• Addiction & recovery

What is Ibogaine?

Vanessa de la Cruz, MD

March 7, 2022


Ibogaine is a naturally occurring alkaloid found in the roots of Tabernanthe iboga, a shrub native to the African rainforest. Indigenous communities in central Africa have consumed iboga for generations in healing ceremonies and initiation rituals. Current speculations suggest it can be used as an alternative natural remedy for opioid use disorder (OUD). 

Although some preclinical studies have focused on Ibogaine as a potential treatment for OUD, Ibogaine is currently listed as a Schedule I controlled substance by the DEA, meaning that the substance possesses a high potential for misuse with no clinically accepted medical use. In addition, the World Health Assembly (WHA) reported that “Ibogaine is a substance likely to cause dependency and endanger human health.” 

While the safety of using Ibogaine for OUD remains questionable, it has become a subject of debate in the medical community over its possible role in helping ease the opioid epidemic. 

How Does Ibogaine Work?

Ibogaine is a psychoactive and psychedelic alkaloid with a complex pharmacodynamic profile that is yet to be understood. Ibogaine’s mechanism of action results from a complex interaction with multiple neurotransmitters rather than a single one. Ibogaine has been shown to interact with the acetylcholine, dopamine, and serotonin systems. Neurotransmitters are chemical messengers that allow the brain to control physical activities like heart rate, muscle function, respiration, sleep, mood, concentration, and appetite. Because Ibogaine affects so many different neurotransmitter systems, it’s difficult to pinpoint the exact actions of Ibogaine.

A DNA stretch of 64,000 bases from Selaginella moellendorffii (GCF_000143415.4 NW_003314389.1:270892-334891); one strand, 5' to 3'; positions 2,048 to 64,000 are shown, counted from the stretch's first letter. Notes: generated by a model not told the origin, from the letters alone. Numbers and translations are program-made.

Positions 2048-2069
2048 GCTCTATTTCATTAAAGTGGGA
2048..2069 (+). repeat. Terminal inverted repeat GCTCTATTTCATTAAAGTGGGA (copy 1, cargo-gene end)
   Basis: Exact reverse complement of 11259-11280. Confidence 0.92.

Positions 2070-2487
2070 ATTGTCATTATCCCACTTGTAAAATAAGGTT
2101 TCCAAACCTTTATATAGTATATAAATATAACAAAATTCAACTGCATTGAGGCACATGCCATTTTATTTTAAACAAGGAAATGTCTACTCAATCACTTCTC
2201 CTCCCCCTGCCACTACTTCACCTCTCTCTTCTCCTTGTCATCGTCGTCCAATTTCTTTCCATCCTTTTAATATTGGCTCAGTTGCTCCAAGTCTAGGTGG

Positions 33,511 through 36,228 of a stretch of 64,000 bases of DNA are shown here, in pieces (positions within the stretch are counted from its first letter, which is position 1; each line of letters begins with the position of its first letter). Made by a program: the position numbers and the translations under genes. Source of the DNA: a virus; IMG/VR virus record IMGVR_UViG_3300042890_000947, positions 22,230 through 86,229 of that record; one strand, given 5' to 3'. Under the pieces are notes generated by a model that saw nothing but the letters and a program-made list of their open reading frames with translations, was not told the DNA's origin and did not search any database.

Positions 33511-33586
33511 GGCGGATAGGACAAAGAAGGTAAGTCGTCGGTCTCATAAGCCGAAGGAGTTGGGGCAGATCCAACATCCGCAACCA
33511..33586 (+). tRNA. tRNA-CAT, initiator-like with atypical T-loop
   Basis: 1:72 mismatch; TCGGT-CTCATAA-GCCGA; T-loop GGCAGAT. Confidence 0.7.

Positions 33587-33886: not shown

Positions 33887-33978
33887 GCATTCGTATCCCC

Retrospective studies suggest that Ibogaine is converted into noribogaine once consumed. Noribogaine is a chemical that targets certain areas of the brain linked to addictive behaviors. Thus, Ibogaine works by decreasing cravings and withdrawal symptoms by rewiring specific parts of the brain.

What Is Ibogaine Used For?

Indigenous groups have traditionally used Ibogaine and related compounds found in the iboga plant to alleviate fatigue, hunger, and thirst. Ibogaine is extracted from the iboga root bark, ground into a powder, and consumed as a drink. Ibogaine in lower doses acts as a stimulant, and in higher doses, it can generate a severe psychedelic state. Ibogaine in higher doses was reserved for initiation rituals and religious ceremonies, where they chewed the bark of the plant for medicinal and spiritual purposes.

Ibogaine’s medical history in the Western world dates back to the early 1900s, when it was used to treat asthenia and as a neuromuscular stimulant. However, since the early 1960s, it has been used in detoxification programs due to its ability to suppress cravings for substances such as alcohol, cocaine, methamphetamine, opioids, and nicotine. 

Although not licensed as a therapeutic medication and despite safety concerns, Ibogaine is currently used experimentally as an anti-addiction medication in alternative medicine in dozens of clinics worldwide.

Ibogaine Effects 

Ibogaine can generate psychedelic effects similar to a waking dream. Psychedelics (also known as hallucinogens) are a type of psychoactive chemical that causes cognitive and perceptual alterations. However, the psychoactive effects of Ibogaine are largely influenced by the dosage. While a modest dose can alleviate minor discomforts like headaches and fatigue, higher doses bring out its powerful hallucinogenic effects. In addition, advocates claim that certain properties of Ibogaine can alleviate opioid withdrawal symptoms with a single dose.

Although there is insufficient research and clinical trials to determine the safety and efficacy of Ibogaine, Ibogaine must be used under medical supervision due to the possibility of adverse effects. 

Ibogaine can cause severe complications, such as slowed and irregular heart rates, making it off-limits for individuals with cardiac conditions. Other side effects of Ibogaine may include:

  • Low blood pressure
  • Dry mouth
  • Nausea
  • Vomiting
  • Difficulty breathing
  • Impaired muscle coordination
  • Anxiety
  • Seizures
  • Paralysis
  • Hallucinations 

It’s important to note that combining Ibogaine with psychiatric medications can result in life-threatening side effects such as heart attack and death. Researchers are still studying Ibogaine to determine appropriate dosages and safe administration. As such, additional research is needed to fully understand the long-term adverse effects of Ibogaine on the human body.